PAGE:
The present-day Los Angeles skyline beneath a film of smog.
Steven Buss/Flickr The present-day Los Angeles skyline beneath a film of smog.

In The Architecture of the Well-Tempered Environment, architecture critic Reyner Banham invokes a connection between cities and pollution that Aristotle made long ago: "While it was necessary for men, in Aristotle’s phrase, ‘to come together in cities in order to lead the good life’, those cities, by virtue of the coming together of men, would become places of pollution and congestion.”

Cities have exploded in scale since Aristotle’s time, and humanity is now predominantly urban. Although the skies above many contemporary cities are clearer than those of Victorian-era London or Los Angeles in the 1970s, air pollution remains a chronic problem in urban areas. Designers have responded in kind with projects that are simultaneously eye-catching and politically-charged.

During an event at last month's Shanghai Fashion Week, representatives from the men’s apparel brand Blackgateone distributed pollution masks among the audience. As Forbes Asia reported, Blackgateone director Hadas Zucker advocated the literal consideration of l’air du temps (the air of the time) as a source of inspiration.

The dire atmospheric condition of Chinese cities—coined the “airpocalypse”—is well-known. Last month, The Economist reported that the smog has motivated an exodus of middle-class professionals from cities such as Beijing, while the Chinese government updated its environmental-protection law with measures that include more stringent regulations for companies that harbor unsustainable practices. Time magazine senior writer Bryan Walsh reminds us that China is not unique, claiming that nearly one-half of Americans also breathe noxious air.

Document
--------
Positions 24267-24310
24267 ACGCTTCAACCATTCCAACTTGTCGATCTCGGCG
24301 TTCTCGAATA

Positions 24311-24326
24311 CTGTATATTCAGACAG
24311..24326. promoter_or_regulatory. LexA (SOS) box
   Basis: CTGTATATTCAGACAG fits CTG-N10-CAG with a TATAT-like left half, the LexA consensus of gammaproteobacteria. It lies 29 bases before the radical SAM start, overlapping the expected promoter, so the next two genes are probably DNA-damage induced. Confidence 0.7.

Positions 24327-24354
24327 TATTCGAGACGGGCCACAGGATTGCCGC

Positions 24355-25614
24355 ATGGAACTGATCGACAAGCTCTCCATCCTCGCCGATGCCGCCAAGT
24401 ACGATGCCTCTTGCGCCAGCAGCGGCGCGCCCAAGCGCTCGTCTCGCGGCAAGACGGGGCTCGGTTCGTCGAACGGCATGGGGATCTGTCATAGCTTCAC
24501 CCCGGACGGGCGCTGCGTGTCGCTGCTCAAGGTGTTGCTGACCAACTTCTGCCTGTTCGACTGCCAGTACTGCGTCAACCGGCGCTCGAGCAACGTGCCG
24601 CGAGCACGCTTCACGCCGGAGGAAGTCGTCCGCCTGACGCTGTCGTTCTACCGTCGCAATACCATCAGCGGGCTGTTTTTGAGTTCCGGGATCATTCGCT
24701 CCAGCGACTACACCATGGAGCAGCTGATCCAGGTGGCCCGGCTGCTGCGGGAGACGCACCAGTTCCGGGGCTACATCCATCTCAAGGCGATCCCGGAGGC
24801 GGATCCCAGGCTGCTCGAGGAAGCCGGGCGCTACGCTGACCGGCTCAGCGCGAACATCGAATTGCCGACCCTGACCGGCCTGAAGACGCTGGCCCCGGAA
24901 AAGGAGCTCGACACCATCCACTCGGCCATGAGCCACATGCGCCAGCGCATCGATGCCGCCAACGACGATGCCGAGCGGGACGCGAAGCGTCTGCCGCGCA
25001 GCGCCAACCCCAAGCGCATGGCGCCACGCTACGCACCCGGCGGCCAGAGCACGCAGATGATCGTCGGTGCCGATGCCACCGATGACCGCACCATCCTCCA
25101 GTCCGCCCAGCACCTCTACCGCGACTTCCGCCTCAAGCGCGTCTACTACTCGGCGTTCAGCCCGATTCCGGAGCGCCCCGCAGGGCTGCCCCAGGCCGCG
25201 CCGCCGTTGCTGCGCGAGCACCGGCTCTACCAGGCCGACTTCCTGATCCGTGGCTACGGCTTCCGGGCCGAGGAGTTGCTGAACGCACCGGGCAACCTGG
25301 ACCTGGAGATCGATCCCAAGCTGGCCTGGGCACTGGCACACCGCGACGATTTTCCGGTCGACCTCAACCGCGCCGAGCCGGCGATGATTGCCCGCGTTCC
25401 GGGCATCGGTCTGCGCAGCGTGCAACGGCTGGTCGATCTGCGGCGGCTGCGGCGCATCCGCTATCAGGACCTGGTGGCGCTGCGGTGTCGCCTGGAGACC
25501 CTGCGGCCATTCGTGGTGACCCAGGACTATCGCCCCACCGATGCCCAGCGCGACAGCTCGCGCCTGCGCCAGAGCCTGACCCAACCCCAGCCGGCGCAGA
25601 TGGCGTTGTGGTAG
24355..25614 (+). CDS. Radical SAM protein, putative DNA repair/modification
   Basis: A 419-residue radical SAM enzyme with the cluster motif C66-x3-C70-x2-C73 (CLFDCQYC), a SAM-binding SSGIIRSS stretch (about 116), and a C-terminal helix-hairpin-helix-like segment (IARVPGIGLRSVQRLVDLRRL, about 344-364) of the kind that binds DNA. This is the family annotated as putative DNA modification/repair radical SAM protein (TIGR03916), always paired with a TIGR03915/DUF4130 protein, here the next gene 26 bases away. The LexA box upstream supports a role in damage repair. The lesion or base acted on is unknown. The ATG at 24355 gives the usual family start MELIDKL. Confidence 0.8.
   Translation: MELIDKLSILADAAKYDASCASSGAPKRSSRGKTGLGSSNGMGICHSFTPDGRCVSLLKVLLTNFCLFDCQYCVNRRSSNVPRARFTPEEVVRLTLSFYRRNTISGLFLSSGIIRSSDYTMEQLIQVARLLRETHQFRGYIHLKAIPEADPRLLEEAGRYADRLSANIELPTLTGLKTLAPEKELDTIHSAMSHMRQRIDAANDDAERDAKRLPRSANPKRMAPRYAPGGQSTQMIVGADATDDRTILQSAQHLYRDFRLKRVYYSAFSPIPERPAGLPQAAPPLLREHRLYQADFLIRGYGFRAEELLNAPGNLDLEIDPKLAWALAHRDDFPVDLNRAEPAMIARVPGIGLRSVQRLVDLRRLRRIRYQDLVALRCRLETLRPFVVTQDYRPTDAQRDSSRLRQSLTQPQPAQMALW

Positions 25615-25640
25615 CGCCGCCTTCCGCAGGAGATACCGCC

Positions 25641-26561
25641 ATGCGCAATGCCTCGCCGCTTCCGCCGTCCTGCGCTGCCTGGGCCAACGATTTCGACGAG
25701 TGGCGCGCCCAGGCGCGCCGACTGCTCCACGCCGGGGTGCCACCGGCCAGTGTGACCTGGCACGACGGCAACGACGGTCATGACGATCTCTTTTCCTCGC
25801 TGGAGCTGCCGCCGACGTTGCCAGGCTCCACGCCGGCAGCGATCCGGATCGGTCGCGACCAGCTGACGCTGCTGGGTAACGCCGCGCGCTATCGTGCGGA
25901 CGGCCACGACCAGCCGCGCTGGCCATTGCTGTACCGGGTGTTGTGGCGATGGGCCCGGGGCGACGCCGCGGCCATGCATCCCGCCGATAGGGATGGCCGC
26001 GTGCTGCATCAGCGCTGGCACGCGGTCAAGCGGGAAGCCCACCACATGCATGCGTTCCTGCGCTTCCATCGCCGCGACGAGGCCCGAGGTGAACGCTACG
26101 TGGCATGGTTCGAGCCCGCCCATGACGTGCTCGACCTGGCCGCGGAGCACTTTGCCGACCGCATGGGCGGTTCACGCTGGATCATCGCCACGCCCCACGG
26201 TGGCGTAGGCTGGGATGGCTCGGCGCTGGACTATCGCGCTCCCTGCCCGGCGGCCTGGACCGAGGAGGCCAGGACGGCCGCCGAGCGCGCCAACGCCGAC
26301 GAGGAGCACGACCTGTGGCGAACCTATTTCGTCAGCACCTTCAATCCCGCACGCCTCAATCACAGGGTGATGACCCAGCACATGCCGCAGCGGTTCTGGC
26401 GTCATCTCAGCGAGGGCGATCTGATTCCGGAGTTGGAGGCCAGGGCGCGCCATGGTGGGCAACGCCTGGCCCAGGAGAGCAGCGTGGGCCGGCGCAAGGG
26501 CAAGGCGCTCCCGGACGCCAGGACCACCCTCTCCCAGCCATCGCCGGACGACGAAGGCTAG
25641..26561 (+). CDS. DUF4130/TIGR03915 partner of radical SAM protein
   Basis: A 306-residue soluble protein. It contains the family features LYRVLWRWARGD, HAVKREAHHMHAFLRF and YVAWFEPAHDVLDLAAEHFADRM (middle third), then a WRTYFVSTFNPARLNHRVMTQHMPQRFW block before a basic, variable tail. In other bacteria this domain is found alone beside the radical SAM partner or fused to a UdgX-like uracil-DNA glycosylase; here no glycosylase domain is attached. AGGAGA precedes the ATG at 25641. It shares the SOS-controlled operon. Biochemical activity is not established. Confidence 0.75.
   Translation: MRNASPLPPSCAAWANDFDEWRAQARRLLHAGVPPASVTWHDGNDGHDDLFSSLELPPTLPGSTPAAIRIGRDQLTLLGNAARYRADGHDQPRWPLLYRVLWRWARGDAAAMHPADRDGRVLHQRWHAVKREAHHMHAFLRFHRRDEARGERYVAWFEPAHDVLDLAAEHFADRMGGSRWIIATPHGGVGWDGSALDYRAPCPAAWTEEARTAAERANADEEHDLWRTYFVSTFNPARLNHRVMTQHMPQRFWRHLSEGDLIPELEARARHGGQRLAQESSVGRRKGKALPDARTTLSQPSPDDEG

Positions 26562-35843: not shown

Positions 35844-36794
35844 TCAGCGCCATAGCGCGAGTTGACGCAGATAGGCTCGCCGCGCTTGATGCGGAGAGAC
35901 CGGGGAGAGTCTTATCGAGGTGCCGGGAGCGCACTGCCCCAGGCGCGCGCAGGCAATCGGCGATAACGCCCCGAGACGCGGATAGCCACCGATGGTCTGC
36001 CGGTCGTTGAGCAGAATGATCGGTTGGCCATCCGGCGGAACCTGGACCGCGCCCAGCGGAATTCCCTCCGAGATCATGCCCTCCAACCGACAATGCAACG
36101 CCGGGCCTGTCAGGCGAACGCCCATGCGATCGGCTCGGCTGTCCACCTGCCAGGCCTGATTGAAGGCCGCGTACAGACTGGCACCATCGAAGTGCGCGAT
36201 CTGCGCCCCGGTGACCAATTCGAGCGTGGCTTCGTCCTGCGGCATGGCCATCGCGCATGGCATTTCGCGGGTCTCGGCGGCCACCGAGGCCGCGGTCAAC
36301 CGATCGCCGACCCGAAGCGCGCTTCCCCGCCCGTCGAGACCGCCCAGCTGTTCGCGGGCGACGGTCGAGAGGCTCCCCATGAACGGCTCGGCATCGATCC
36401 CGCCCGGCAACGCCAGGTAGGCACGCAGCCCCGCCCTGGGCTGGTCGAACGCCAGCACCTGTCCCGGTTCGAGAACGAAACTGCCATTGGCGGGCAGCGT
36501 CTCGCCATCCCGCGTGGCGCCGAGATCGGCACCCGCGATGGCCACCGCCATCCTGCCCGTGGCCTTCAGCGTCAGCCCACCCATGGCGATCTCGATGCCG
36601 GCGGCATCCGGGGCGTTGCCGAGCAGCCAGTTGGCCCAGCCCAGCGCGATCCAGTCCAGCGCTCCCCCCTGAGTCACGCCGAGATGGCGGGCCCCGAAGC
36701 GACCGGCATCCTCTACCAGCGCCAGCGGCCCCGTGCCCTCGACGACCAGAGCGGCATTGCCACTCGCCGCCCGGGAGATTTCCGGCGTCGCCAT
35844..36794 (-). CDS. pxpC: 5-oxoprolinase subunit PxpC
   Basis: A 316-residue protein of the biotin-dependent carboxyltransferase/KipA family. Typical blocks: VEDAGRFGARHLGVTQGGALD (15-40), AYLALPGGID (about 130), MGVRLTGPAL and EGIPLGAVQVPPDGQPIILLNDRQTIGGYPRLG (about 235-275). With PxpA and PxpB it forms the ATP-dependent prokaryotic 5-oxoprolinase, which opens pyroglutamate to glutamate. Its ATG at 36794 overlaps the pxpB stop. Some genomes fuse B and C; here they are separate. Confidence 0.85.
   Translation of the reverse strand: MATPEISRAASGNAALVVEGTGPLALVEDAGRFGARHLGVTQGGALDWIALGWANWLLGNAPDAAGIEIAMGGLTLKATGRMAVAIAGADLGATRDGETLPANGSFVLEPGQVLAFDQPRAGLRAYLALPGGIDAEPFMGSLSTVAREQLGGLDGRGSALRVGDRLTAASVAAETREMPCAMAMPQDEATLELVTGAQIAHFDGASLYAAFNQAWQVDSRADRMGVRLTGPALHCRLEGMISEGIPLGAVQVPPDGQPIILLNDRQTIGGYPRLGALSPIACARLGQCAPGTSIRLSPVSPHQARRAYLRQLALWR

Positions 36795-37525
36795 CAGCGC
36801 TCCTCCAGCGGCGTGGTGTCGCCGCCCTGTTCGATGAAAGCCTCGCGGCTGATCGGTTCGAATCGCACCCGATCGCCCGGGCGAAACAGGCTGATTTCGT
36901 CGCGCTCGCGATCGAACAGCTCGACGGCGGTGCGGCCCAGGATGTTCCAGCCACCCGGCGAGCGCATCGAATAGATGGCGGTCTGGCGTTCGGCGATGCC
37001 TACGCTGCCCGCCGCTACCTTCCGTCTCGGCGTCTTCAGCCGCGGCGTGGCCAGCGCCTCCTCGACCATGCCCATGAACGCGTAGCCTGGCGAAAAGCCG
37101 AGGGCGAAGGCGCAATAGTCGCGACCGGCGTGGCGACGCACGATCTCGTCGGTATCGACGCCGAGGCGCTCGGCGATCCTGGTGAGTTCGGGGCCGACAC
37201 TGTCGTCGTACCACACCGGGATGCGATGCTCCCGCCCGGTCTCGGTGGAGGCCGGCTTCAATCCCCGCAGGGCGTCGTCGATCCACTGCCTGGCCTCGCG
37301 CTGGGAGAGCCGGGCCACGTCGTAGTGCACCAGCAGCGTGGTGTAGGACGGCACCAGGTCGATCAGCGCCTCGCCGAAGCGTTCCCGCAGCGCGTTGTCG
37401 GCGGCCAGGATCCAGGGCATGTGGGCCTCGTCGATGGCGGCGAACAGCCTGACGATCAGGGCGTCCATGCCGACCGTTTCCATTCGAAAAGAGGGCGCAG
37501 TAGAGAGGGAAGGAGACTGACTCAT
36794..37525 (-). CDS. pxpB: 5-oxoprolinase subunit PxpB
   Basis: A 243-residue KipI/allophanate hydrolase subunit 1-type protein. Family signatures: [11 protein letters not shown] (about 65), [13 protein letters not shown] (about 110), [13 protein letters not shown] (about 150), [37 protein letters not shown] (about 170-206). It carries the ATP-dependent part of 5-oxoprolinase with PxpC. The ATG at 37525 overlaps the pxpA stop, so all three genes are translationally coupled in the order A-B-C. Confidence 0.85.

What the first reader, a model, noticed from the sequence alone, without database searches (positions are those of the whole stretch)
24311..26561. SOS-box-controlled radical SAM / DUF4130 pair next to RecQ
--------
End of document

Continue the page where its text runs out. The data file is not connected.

For architects and designers, the problem of extensive urban pollution has become a perverse kind of muse. Notable smog-inspired works include the Aegis Parka, a protective jacket created by Dutch design studio Nieuwe Heren; a palladium dichloride coat that changes color in the presence of carbon dioxide emissions and is designed by London-based artist Lauren Bowker; and R&Sie(n)’s “Dustyrelief” building in Bangkok, designed to collect atmospheric dust via an electrostatically-charged facade. A decidedly less inventive example is a jar of fresh French air auctioned for $860 in China by Beijing artist Liang Kegang.

Although such works exhibit various kinds of design ingenuity, they also project a cynical attitude regarding contemporary environmental ills. As a result, they inspire questions concerning the role of design and its relationship to the environment. How should design and architecture respond to chronic urban smog? Is this a surmountable challenge that society should continue striving to solve? Alternatively, is it an intractable problem that must be dealt with at an individual level?

As global urbanization increases, the insalubrious air surrounding our cities will doubtless inspire continued responses from the design community. Perhaps such proposals—and the disarming irony they conjure—will motivate the changes necessary to clean up our act.

Blaine Brownell, AIA, is a regularly featured columnist whose stories appear on this website each week. His views and conclusions are not necessarily those of ARCHITECT magazine nor of the American Institute of Architects.

Photo courtesy Flickr user Steven Buss via a Creative Commons license.